A new benzodithiophene (BDT)-based polymer, poly(4,8-bis(2-ethylhexyloxy)benzo[1,2-b:4,5-b]dithiophene vinylene) (PBDTV), was synthesized by Pd-catalyzed Stille-coupling method. The polymer is soluble in common organic solvents and possesses high thermal stability. PBDTV film shows a broad absorption band covering from 350 nm to 618 nm, strong photoluminescence peaked at 545 nm and high hole mobility of 4.84 x 10(-3) cm(2)/Vs. Photovoltaic properties of PBDTV were studied by fabricating the polymer solar cells based on PBDTV as donor and PC70BM as acceptor. With the weight ratio of PBDTV: PC70BM of 1:4 and the active layer thickness of 65 nm, the power conversion efficiency of the device reached 2.63% with V-oc = 0.71 V, I-sc = 6.46 mA/cm(2), and FF = 0.57 under the illumination of AM1.5, 100 mW/cm(2).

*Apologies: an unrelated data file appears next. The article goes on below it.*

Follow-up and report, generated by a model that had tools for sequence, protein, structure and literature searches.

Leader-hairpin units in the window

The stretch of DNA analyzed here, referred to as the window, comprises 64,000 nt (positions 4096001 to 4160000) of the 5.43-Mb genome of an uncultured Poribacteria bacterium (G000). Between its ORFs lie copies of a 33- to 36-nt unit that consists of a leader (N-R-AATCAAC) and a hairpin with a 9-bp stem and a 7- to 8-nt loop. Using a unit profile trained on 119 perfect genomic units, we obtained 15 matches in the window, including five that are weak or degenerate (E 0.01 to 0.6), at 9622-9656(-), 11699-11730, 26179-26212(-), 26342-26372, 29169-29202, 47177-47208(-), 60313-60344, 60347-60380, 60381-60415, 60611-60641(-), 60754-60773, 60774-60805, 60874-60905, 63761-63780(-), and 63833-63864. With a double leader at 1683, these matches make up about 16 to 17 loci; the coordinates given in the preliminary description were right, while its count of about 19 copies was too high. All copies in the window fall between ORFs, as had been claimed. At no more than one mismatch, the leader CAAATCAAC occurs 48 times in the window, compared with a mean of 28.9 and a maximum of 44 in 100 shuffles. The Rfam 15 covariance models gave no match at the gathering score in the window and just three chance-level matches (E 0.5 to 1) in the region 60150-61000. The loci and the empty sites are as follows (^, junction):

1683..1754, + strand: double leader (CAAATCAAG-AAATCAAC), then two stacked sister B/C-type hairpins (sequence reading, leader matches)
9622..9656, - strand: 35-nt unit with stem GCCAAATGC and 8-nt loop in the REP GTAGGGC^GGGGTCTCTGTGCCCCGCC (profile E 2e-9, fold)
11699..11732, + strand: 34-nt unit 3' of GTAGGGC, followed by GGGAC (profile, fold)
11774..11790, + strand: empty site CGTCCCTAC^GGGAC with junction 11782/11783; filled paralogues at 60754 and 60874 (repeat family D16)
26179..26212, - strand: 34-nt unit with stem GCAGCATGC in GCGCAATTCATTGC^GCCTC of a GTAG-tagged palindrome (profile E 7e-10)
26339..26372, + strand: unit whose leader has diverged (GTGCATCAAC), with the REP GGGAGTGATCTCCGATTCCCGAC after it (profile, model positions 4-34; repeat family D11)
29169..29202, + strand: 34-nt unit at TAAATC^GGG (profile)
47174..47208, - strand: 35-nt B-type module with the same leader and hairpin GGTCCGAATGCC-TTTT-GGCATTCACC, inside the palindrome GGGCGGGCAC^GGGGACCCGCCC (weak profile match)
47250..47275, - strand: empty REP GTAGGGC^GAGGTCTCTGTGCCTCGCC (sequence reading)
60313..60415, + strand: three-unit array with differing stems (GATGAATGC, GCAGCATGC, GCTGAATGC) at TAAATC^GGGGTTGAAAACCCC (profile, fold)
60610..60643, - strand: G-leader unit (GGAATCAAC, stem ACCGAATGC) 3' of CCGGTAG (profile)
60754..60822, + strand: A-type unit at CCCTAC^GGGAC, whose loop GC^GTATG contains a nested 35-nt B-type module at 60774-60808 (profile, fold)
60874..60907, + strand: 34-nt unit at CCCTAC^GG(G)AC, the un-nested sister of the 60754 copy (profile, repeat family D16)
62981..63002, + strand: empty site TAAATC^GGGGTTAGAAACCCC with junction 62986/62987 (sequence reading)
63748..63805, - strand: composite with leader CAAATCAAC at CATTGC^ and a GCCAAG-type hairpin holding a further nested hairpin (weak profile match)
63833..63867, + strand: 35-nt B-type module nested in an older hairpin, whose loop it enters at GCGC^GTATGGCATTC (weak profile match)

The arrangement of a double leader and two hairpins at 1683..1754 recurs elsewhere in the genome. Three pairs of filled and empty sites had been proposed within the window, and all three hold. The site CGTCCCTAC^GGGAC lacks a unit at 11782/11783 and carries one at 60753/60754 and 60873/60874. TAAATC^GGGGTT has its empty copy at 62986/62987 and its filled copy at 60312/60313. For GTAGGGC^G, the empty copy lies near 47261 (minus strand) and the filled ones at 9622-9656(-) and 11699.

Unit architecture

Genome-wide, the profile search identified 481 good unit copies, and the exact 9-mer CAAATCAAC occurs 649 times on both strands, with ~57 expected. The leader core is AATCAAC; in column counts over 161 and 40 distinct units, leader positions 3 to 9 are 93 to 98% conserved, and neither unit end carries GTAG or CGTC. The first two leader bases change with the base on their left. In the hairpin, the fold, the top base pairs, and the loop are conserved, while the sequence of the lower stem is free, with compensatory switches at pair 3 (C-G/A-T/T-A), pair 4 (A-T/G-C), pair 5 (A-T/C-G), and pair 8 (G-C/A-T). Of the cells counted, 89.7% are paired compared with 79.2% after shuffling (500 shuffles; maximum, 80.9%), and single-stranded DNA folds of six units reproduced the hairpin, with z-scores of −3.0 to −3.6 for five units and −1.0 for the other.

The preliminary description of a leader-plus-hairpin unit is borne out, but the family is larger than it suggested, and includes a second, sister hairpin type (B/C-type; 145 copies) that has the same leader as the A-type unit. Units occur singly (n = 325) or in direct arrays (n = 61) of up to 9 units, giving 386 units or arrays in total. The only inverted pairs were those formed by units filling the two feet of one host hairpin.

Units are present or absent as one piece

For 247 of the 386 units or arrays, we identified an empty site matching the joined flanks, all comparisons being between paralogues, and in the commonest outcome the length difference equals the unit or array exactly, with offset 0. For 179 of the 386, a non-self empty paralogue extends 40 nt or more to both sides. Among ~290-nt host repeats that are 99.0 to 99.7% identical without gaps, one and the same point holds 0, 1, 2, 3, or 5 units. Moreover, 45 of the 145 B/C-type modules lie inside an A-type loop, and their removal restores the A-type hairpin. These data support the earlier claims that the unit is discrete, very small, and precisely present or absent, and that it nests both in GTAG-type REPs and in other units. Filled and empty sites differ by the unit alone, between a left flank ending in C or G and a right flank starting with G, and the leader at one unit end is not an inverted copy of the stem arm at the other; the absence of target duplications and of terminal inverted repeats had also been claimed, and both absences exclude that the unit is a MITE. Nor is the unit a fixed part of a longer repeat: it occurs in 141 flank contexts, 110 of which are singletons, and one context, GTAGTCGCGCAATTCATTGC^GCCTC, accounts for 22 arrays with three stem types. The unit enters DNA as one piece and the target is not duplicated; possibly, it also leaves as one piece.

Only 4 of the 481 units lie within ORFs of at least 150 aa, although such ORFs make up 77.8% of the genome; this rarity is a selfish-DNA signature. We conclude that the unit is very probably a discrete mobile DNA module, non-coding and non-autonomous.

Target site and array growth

• 172.
    Inganäs, Olle
    et al.
    Linköping University, Department of Physics, Chemistry and Biology, Biomolecular and Organic Electronics. Linköping University, The Institute of Technology.
    Zhang, Fengling
    Linköping University, Department of Physics, Chemistry and Biology, Biomolecular and Organic Electronics. Linköping University, The Institute of Technology.
    Tvingstedt, Kristofer
    Linköping University, Department of Physics, Chemistry and Biology, Biomolecular and Organic Electronics. Linköping University, The Institute of Technology.
    Andersson, Lars Mattias
    Linköping University, Department of Physics, Chemistry and Biology, Biomolecular and Organic Electronics. Linköping University, Faculty of Science & Engineering.